General Litigation Attorney

Many people are often surprised to learn that most lawyers rarely, if ever, take a case through a full trial.  While they are often reluctant to directly admit it, many attorneys have never tried a case.  Trial avoidance may very well be in your best interest, but it is crucially important to know that in your case trial is not being avoided due solely to attorney fear and inexperience.

Experienced trial lawyers make up a surprisingly small percentage of lawyers overall, but each partner at Kidd Corvery & Simpson can certainly count themselves one.  Each of us has acted independently as lead counsel in many trials, major and minor, from initial pleadings to final jury verdict.  If your case comes to require a trial to best protect your rights, you can be assured that Kidd Corvey & Simpson has the experience and know-how to see your case through to its conclusion.  Conversely, if you find yourself in the unfortunate situation of facing trial with counsel who has never done so, insist that your case not be their first time “trial run.”  Have them call Kidd Corvey & Simpson for litigation experience and guidance today. 

Frequently Asked Questions

What is “Litigation”?

There are often many stages to a dispute. When people, corporations, businesses, or organizations disagree about something, there are often attempts and offers to work matters out before litigation begins. “Litigation” is a general term referring to legal matters after agreement has failed to be reached and a lawsuit is filed. Disputes are still often worked out as a matter works its way through the legal process, but litigation is basically the process of working a case toward a trial.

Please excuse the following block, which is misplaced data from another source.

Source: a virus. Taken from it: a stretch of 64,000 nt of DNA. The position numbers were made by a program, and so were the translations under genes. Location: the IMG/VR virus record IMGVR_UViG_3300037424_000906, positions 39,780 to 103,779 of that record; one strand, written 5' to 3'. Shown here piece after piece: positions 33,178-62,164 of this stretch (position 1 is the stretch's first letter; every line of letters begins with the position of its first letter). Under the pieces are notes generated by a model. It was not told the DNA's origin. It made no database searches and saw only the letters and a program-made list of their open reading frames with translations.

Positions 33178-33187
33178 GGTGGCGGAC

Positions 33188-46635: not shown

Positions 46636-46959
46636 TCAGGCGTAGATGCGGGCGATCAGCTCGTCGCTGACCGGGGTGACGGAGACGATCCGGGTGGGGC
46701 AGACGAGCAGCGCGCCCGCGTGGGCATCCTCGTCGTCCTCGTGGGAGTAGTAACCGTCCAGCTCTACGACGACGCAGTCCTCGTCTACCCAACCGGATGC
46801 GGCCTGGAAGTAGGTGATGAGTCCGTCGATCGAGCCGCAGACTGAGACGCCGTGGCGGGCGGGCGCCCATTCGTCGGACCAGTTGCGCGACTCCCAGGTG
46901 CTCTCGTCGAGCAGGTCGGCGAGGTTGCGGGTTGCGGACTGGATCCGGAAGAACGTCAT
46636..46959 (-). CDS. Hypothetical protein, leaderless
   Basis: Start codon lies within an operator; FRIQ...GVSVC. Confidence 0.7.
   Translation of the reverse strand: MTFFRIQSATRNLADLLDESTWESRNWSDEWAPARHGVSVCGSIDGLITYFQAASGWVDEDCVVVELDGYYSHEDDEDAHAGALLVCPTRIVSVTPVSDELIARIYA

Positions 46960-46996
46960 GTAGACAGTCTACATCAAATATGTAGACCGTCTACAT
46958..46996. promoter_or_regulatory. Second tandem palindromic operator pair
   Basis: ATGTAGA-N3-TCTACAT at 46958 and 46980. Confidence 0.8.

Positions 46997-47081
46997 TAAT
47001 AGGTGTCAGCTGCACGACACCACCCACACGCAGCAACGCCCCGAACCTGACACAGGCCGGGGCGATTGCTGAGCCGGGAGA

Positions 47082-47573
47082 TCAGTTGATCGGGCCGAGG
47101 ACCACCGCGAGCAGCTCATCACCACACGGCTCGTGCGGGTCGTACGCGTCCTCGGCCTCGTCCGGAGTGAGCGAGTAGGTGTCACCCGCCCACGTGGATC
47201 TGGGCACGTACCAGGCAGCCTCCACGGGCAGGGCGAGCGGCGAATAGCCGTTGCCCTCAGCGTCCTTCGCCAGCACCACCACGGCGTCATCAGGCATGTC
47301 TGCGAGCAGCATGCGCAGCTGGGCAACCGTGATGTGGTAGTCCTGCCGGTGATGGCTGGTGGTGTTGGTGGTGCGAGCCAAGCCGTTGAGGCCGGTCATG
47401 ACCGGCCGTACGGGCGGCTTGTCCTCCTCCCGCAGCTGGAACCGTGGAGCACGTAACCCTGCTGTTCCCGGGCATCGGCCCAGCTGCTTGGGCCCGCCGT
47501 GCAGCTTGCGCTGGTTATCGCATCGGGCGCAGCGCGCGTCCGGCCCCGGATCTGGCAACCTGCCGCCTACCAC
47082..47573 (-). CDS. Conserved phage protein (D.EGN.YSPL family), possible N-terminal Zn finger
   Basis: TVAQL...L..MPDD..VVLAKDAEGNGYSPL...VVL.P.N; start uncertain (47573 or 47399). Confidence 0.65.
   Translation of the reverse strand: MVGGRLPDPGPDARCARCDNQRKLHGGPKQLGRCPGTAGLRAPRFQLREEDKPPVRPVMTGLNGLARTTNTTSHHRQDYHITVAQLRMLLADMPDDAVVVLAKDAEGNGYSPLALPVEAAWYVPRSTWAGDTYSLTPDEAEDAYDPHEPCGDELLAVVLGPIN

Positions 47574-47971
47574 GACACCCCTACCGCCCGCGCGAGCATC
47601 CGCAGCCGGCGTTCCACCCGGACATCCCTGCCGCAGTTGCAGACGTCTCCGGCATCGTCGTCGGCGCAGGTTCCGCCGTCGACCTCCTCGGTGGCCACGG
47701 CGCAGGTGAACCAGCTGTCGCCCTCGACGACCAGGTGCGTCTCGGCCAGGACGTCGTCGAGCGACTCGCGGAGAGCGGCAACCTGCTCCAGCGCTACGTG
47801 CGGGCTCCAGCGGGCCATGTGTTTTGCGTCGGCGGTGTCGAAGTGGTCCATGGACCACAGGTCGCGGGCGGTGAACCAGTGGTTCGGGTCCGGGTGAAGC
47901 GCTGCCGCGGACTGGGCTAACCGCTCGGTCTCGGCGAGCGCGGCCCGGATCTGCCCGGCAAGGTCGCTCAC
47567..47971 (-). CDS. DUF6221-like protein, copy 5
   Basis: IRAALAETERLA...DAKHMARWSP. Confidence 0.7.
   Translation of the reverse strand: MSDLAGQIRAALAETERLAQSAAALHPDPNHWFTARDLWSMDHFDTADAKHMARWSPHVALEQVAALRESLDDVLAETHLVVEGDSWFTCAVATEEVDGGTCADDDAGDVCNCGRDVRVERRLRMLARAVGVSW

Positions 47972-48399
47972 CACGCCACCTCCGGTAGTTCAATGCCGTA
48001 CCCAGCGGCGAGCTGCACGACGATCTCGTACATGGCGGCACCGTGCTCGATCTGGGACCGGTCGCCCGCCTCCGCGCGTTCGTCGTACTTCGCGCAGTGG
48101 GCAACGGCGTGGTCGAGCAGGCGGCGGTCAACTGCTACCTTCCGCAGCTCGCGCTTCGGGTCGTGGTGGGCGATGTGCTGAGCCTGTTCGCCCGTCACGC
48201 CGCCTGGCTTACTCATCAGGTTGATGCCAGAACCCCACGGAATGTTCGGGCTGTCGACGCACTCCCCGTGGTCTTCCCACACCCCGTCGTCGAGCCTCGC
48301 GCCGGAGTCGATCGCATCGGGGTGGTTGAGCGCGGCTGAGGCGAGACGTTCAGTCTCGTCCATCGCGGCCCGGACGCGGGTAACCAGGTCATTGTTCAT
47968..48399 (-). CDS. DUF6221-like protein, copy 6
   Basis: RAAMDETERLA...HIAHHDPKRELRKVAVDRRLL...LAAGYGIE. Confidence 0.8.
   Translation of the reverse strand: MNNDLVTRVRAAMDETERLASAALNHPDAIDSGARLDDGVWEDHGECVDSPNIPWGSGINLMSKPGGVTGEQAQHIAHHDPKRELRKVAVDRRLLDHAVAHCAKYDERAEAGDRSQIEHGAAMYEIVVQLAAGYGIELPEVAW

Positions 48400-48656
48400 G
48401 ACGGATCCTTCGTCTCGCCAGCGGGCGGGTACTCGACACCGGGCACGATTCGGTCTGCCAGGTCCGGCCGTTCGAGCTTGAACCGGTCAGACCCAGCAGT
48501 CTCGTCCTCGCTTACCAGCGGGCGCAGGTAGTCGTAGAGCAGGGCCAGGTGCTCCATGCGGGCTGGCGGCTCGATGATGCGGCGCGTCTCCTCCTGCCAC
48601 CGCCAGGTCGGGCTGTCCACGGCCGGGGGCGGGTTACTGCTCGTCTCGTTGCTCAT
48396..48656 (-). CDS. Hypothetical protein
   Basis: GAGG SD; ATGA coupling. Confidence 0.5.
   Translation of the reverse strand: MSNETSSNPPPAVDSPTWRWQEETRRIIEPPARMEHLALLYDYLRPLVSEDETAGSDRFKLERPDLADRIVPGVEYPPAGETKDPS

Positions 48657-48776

Don’t all attorneys know how to conduct a trial?

No. It is common misconception that if someone is a lawyer, they must spend a lot of their time in a courtroom conducting trials. This is simply not the case for many, if not most. The law has many specialties and often lawyers with many years of experience in their specialty have never (or very rarely) tried a case. They may be very good attorneys at drafting wills, closing real estate, or writing contracts, but if you are in serious legal dispute with the government or another person or company, you need a trial attorney. Most legal disputes end short of trial by settlement, but days before your case goes to trial is not the time to learn that your attorney has tried little to no actual trials.

If I need a lawyer to handle a dispute that I think could require a trial, what questions should ask potential candidates?

If you are in a dispute that you believe even has a slight chance of requiring a trial, ask you potential attorney about their specific trial experience. Ask about case names and types of cases. Ask about the length of trial. Ask how long its been since he or she tried a case. Do not accept generalities or evasive responses.

Is it always best to push legal disputes to a full trial?

Absolutely not. An experienced attorney will counsel you throughout the process and discuss each stage and settlement possibility in detail. If your matter cannot reach a resolution, however, then you are facing a trial and at that point it is crucial you have a lawyer who has been there before. It is not always in your best interest to go to trial, but it is always in your best interest to have a trial attorney in your corner at each stage of the litigation.

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